Next time you receive a text message alerting you that your reward points, accumulated on your credit card transactions, are about to expire and should be immediately redeemed, don’t click the link until you are sure of the sender’s authenticity.
Microsoft’s research unit has revealed that hackers are slipping a potent malware into the cell phones of ICICI Bank customers, which can capture the incoming text messages, thus effectively rendering the multi-factor authentication useless. Ironically, this is the same malware that had targeted State Bank of India and Axis Bank customers in 2021.
“Masquerading as a banking rewards app, this new version has additional remote access trojan capabilities, is more obfuscated, and is currently being used to target customers of Indian banks. The SMS campaign sends out a message containing a link that points to the info-stealing Android malware,” a report by Microsoft 365 Defender Research Team said.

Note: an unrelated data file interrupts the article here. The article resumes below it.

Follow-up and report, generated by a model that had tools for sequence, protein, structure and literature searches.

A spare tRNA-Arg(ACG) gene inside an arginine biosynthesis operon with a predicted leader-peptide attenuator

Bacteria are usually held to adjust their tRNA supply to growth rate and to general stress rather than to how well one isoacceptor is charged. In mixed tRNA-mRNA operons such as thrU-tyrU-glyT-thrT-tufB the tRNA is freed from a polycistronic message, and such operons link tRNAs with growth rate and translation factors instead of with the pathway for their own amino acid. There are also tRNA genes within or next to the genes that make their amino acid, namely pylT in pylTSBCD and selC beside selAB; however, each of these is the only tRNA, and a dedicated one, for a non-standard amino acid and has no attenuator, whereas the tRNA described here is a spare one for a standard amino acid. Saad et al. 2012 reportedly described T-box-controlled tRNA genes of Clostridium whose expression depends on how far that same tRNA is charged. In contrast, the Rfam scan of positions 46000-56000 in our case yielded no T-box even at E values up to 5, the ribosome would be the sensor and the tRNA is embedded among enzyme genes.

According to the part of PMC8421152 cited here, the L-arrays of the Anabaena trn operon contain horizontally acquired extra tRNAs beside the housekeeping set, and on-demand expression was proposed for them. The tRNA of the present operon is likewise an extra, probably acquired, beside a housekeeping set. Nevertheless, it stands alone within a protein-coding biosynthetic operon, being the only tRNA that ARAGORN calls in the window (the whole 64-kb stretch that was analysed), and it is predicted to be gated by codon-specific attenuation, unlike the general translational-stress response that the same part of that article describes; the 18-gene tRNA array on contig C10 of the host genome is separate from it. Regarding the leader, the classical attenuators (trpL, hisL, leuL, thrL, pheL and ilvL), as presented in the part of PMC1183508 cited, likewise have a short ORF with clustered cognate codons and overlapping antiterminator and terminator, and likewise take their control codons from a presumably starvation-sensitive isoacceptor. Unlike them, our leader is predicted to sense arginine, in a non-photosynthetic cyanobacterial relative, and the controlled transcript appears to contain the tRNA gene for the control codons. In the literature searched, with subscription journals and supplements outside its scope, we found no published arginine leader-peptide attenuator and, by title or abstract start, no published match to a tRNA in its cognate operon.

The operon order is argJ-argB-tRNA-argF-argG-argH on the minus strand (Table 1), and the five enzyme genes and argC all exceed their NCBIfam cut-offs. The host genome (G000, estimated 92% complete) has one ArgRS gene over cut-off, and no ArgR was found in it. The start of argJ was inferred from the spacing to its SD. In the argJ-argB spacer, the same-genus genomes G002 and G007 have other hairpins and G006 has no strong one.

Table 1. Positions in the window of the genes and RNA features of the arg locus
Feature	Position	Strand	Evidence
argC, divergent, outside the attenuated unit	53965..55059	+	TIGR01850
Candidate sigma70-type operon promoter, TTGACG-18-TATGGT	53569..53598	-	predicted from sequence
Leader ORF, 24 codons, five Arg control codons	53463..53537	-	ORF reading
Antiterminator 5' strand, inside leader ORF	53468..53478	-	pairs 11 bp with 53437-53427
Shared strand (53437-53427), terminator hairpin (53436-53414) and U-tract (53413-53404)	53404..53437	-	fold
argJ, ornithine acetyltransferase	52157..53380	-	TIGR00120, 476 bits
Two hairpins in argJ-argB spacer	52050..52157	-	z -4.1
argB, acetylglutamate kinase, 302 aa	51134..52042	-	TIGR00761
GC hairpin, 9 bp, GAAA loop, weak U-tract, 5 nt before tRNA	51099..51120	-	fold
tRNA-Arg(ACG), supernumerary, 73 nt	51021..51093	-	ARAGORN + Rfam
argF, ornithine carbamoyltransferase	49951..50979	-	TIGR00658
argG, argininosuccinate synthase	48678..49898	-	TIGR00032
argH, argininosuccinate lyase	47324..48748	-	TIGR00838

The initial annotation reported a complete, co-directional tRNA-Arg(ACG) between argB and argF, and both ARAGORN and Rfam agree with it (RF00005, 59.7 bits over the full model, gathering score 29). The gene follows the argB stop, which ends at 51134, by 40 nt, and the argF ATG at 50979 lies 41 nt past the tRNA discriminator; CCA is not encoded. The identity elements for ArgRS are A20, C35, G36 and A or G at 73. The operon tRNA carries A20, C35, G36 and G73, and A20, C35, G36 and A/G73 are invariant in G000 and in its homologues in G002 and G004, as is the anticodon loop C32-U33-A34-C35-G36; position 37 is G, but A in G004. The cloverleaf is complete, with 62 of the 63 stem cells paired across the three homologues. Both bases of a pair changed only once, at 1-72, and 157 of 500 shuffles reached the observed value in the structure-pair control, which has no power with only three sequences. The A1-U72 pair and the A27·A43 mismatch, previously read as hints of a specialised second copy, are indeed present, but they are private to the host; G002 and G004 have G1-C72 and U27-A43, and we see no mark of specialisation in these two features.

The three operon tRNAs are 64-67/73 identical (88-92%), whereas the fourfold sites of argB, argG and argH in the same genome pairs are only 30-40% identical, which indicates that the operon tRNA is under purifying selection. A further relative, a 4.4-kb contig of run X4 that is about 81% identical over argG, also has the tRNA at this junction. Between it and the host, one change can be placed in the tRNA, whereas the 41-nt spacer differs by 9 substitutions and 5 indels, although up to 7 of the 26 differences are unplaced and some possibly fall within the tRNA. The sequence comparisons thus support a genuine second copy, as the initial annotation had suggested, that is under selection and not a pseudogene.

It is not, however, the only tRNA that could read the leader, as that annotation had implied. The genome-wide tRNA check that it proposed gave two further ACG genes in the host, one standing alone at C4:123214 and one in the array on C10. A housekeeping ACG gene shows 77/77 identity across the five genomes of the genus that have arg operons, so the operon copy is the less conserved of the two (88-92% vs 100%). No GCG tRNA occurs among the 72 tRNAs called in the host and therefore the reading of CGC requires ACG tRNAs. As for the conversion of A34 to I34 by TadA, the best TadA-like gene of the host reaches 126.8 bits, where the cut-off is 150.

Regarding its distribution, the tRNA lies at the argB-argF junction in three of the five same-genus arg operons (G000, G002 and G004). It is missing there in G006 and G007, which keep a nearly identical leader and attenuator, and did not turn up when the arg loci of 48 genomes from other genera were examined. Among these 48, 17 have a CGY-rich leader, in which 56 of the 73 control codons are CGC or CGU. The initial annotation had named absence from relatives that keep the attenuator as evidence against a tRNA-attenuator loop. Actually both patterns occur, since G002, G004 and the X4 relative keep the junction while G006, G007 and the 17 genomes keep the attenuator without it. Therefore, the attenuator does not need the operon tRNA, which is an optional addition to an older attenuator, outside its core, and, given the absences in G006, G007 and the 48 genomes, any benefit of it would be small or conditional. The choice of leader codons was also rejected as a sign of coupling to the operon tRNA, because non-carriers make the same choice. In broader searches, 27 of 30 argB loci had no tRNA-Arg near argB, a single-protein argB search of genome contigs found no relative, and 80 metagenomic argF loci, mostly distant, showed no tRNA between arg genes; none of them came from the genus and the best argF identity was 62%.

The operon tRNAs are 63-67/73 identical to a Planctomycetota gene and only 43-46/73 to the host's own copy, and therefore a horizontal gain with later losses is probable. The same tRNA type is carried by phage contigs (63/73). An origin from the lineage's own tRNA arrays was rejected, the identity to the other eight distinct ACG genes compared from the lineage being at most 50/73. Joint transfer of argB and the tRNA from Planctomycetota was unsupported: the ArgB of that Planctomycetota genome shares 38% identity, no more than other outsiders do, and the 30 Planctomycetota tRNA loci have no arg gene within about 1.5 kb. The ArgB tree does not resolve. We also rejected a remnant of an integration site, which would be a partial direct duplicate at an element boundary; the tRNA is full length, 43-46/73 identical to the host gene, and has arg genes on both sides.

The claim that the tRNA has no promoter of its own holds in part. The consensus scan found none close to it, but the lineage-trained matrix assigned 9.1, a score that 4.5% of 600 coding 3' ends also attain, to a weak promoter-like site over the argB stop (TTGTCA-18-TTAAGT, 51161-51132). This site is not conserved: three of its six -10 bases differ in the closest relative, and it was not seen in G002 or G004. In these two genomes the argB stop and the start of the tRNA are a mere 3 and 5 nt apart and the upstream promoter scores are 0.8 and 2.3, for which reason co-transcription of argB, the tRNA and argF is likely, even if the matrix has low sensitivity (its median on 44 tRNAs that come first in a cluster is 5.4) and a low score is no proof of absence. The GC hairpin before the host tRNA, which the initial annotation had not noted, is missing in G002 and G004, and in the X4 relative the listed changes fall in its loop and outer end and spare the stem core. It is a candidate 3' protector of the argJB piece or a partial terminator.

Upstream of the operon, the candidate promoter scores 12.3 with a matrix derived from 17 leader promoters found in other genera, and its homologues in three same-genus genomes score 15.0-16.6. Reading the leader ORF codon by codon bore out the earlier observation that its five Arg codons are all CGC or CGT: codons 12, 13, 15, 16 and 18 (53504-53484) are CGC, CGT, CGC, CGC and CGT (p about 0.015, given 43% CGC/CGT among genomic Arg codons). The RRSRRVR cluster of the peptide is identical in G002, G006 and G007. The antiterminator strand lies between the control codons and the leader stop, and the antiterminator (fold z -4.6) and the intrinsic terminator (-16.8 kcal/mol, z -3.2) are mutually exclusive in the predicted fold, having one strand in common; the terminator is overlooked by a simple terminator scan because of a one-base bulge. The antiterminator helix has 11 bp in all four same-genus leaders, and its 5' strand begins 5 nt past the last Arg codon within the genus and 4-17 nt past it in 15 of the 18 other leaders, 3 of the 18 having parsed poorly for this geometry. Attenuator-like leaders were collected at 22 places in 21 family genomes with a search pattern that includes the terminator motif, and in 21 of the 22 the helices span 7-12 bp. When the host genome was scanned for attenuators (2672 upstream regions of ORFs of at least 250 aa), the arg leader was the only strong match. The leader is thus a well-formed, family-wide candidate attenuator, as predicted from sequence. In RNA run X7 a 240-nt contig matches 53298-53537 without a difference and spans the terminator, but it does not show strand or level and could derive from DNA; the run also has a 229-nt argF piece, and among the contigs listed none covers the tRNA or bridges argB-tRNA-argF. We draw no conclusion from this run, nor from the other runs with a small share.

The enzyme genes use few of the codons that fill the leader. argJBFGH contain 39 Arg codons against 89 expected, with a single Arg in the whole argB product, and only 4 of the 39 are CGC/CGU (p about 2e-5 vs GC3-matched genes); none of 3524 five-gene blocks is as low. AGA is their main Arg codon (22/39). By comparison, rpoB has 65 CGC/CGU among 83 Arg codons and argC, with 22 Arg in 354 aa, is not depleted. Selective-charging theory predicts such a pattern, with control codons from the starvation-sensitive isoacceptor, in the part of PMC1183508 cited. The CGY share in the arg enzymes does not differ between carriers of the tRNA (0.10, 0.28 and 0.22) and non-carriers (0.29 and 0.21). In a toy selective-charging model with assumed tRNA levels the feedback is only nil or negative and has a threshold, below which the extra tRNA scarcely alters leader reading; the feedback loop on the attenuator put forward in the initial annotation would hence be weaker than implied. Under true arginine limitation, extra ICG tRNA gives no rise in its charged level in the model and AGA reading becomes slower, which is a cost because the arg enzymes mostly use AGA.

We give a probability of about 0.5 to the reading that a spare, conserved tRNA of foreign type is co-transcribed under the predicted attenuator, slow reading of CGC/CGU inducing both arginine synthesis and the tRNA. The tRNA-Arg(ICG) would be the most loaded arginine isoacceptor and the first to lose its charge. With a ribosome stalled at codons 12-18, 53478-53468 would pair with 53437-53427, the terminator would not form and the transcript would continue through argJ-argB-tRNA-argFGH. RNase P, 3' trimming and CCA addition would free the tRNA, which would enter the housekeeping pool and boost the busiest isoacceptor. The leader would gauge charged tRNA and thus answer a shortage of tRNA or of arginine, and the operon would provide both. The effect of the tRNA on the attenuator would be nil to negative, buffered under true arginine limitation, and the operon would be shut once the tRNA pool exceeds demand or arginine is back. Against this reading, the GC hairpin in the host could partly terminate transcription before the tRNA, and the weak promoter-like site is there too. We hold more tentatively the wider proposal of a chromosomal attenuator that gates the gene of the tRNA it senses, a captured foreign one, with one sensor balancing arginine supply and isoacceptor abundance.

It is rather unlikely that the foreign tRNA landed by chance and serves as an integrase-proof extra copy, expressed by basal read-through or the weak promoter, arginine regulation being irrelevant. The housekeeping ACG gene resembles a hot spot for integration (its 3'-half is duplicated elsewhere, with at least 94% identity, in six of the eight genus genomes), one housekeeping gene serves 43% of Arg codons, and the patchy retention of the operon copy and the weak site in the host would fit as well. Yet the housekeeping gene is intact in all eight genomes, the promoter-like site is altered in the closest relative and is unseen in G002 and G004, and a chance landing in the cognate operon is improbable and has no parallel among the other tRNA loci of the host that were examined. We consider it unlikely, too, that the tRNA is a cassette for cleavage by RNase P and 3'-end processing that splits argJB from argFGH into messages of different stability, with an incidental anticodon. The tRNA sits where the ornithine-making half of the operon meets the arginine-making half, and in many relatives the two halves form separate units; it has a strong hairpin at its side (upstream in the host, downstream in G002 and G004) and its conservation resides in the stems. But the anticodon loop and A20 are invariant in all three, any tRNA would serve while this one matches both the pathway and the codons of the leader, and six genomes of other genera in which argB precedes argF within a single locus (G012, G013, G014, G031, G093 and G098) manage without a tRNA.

The message sent by the malware designers contains a link, and on opening it, a fake app in the name of the bank is installed on the user’s phone. Then it asks for a variety of access permissions and in the next stage, a “log in” page opens, requiring the net banking credentials and the CVV numbers of credit card. When the bank sends a one time password to the victim’s phone to enable a transaction, it is captured by the malware and relayed to the hackers.
“Collecting all text messages might allow the attackers to use the data to expand their stealing range, especially if any of them contain other sensitive information such as SMS-based 2FA for email accounts, personal identification like Aadhaar, or other finance-related information,” the report said.
Despite several attempts, ICICI Bank could not be reached for comments.
Worryingly, Microsoft’s analysis has found that the malware is also capable of accessing the phone’s call logs and contacts list as well as modifying its audio settings.
Additional director general Madhukar Pandey, Maharashtra Cyber, said, “Cyber criminals are luring the people into clicking the link that installs a dangerous malware which can lead to financial loss, data theft, and identity theft. The simple trick to prevent this is to never click any SMS or WhatsApp link from an unknown source.”
The research findings, compiled by Shivang Desai, Abhishek Pustakala and Harshita Tripathi, were made public earlier this week.